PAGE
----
“When you are invited to dine, particularly with people you do not know very well, it always helps to have a conversational opener, a phrase which here means, “an interesting sentence to say out loud in order to get people talking” . . . . I keep a list of good and bad conversation openers in my commonplace book in order to avoid awkward pauses at the dinner table . . . . Good conversation openers are sentences such as ‘What would drive a man to commit arson?,’ ‘Why do so many stories of true love end in tragedy and despair?,’ and ‘Madame diLustro, I believe I’ve discovered your true identity!,’ all of which are likely to provoke discussions, arguments, and accusations, thus making the dinner party much more entertaining.”

But the ideas don’t end there. What about jokes? Long stories that can keep people distracted long enough for you to think up something conversation-worthy? And of course, there’s the ever-classic: pocket-sized pets. Just pull one of those guys out at the dinner table, and no one will be at a loss for words.

There’s truly enough material to start a blog about it.

*Photo by Hannah Murray. Guest starring my friends Grace and David.

those times you wish you had a camera

Somebody should start a blog about those times you wish you had a camera . . .

Call me old-fashioned, but my cell phone is a few years old and doesn’t take quality pictures. So I find myself sometimes wishing I’d brought my camera with me. I’ve gotten a lot better about it, though. I try to bring my camera with me at all times, 24/7.

But sometimes I forget, and almost without exception, it’s in these times that something amazing or beautiful happens, and I wish I’d had my camera. Sometimes it’s a sunset, or I pass an old, abandoned house that’s just waiting to be photographed. Other times, my friends are doing the unthinkable, and I have no hard proof to use as blackmail later (not that I would, right?).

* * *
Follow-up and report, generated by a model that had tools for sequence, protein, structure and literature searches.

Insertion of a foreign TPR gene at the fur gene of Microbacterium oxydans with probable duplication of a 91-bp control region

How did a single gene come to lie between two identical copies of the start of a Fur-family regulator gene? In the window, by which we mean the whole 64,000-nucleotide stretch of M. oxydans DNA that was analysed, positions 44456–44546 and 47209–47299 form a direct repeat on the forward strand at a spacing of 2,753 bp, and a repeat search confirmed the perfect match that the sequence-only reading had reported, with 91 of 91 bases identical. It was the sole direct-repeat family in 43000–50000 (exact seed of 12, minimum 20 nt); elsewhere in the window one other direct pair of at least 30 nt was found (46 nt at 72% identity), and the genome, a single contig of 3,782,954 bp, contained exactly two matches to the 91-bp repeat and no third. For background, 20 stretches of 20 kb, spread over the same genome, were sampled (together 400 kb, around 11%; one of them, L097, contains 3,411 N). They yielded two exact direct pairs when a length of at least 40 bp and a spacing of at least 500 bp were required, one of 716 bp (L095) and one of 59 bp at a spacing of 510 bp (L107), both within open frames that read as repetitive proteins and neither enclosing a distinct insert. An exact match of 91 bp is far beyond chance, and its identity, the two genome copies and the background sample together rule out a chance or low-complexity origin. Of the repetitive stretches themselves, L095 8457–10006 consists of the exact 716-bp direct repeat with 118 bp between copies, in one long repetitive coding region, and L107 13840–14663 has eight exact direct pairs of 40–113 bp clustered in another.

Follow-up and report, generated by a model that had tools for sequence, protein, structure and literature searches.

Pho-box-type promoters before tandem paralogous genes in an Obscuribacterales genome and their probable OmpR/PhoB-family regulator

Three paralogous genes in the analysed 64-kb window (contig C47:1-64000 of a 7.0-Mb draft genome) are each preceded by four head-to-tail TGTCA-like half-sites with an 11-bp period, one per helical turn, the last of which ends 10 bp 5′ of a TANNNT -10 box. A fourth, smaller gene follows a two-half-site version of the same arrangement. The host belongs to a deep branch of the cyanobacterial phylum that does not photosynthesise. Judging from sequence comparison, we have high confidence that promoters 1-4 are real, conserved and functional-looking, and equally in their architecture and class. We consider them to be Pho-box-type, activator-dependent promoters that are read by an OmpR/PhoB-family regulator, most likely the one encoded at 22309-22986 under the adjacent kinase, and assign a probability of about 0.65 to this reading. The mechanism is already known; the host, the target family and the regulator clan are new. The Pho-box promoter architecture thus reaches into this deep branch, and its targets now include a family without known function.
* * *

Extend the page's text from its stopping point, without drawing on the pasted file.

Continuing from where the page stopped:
One of these moments happened very early in the semester. Someone had played the age-old trick of putting stuff in the school’s fountain, so the whole vicinity smelled of mountains, in a synthetic, laundry detergent sort of way. Honestly, I’ve been here a few years, and every time people play the trick, they believe they’re so clever and no one’s ever done it before. Let this be a lesson to us all: it’s all been done before.

Well, one of my very random and crazy friends decided it was a good idea to take my other friend’s necklace/rope thing (which happened to have his room key on it) and swing it around nearby the aforementioned mountain-fresh-smelling, bee-attracting fountain, and you’ll never guess what happened next! (Can you sense the sarcasm?) It ended up in the fountain!

So we (my crazy, random friend and I) decide to help our key-necklace/rope-owning friend get the key back out of the sudsy soup. We grab his legs as he stretches himself across the teeming waters and disappears into the fluffy white bubbles. At this point, we’re all laughing hysterically (including my other friend Hannah, who like me owns an out-dated cell phone with not really top quality image capturing abilities and who now has the only hard evidence of this event ever happening); well, I’m not sure I can say that my key-necklace/rope-owning friend was laughing, but we heard some muffled sounds and drew our own conclusions. He did eventually find what he went in after.

It’s times like these when I wish I had a camera on me. Of course, a blog recording such times could not include pictures (that’d defeat the purpose), which I’m very fond of. So I leave this mission up to one of you, dear readers.

real moments

Somebody should start a blog about real moments . . .

(Warning/Disclaimer/Preface: This post is highly philosophical in nature, more so than most previous posts. It is not very humorous or knee-slappingly funny, but it was something I had to write about. End of disclaimer.)